From David Halberstam's The Best and the Brightest, 1972:
He learned to love China the hard way, for like Service and other sons of missionaries, there was a certain disillusion in realizing the futility of their parents' work. They knew that whatever else happened, China was not going to be saved and modernized by coming to Jesus Christ; China was China, and Christ was alien, Western, white. But if this was true, then their parents, selfless, decent people, were wasting their lives in at least one sense, and friends thought this accounted for much of the skepticism and irony which marked John Davies' outlook for the rest of his life. Growing up as a young American in China had already made him something of an outsider; now as a young man, jarred loose from the perceptions of his parents, he was even more intellectually and culturally independent at a surprisingly young age. From this would come John Davies the outsider, cool involved intellectually but uninvolved emotionally, the perfect reporter. If anything, he was brought up with a sense of the vastness of China, resistant to outside influence, be it Western Christian or Western capitalist or Western Communist, China determined somehow to come up with its own definition of itself formed on its own terms. It was a brilliant and far-reaching vision, but it did not necessarily serve him well. . . .
To his contemporaries he symbolized what the foreign service should be, expert, analytical and brave, and above all, perfectly prepared for what he was doing. He knew China, the people, the language, and he watched the revolution sweeping the country. It was, he would say then and later, an implosion, not an explosion, that is, the collapsing inward of a civilization, a nation shutting itself off from the world, determining within itself its destiny. He was with General Joe Stilwell in 1938 as the Japanese marched south, ravaging whatever was in their way. He was puzzled as to why a civilized people like the Japanese would commit such atrocities, and pondered it for some time. Part of the answer, he decided, was that the troops were simply motivated by duty to their emperor; the second reason, more interesting in the light of events thirty years later in Vietnam, was "the idealistic belief that the mission is also a crusade to liberate the Chinese people from the oppression of their own rulers." When the Chinese peasants showed signs of resenting this liberation "it is a shocking rejection of his idealism," and the Japanese soldier raged against "the people who he believes have denied him his chivalry."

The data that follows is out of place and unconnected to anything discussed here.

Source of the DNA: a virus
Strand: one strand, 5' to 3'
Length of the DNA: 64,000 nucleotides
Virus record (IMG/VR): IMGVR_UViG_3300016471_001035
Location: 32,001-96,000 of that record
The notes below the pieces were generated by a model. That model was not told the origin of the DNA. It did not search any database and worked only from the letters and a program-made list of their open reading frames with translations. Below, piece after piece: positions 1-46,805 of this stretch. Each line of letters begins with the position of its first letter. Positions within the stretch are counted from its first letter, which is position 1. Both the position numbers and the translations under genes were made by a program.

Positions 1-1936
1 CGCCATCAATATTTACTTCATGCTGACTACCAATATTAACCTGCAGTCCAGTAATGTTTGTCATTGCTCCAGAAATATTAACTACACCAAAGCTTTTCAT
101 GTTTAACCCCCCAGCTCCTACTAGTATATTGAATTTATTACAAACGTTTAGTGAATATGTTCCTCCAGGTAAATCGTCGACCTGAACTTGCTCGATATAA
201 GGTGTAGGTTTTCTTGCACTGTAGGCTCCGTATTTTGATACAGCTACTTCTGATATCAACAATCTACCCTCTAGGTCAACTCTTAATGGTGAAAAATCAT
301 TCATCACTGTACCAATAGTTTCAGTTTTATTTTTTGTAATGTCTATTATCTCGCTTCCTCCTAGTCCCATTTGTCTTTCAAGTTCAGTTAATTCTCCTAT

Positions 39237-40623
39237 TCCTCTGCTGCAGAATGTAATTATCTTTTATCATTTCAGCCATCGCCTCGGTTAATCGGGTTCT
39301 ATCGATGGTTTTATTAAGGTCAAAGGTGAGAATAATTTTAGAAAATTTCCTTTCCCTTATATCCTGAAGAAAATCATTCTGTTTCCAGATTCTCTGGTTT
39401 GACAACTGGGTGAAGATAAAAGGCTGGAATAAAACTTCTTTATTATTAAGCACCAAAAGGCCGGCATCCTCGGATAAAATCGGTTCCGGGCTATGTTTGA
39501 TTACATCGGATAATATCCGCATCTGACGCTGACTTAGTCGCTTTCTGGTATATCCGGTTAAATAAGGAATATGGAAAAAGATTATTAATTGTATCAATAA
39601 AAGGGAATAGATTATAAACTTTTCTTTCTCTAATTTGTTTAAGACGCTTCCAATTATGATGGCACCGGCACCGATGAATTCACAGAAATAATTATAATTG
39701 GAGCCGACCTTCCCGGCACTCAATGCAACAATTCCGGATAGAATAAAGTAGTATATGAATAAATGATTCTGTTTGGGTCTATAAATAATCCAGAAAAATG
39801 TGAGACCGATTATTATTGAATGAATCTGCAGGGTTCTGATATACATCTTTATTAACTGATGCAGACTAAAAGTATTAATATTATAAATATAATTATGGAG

Tags: David Halberstam, The Best and the Brightest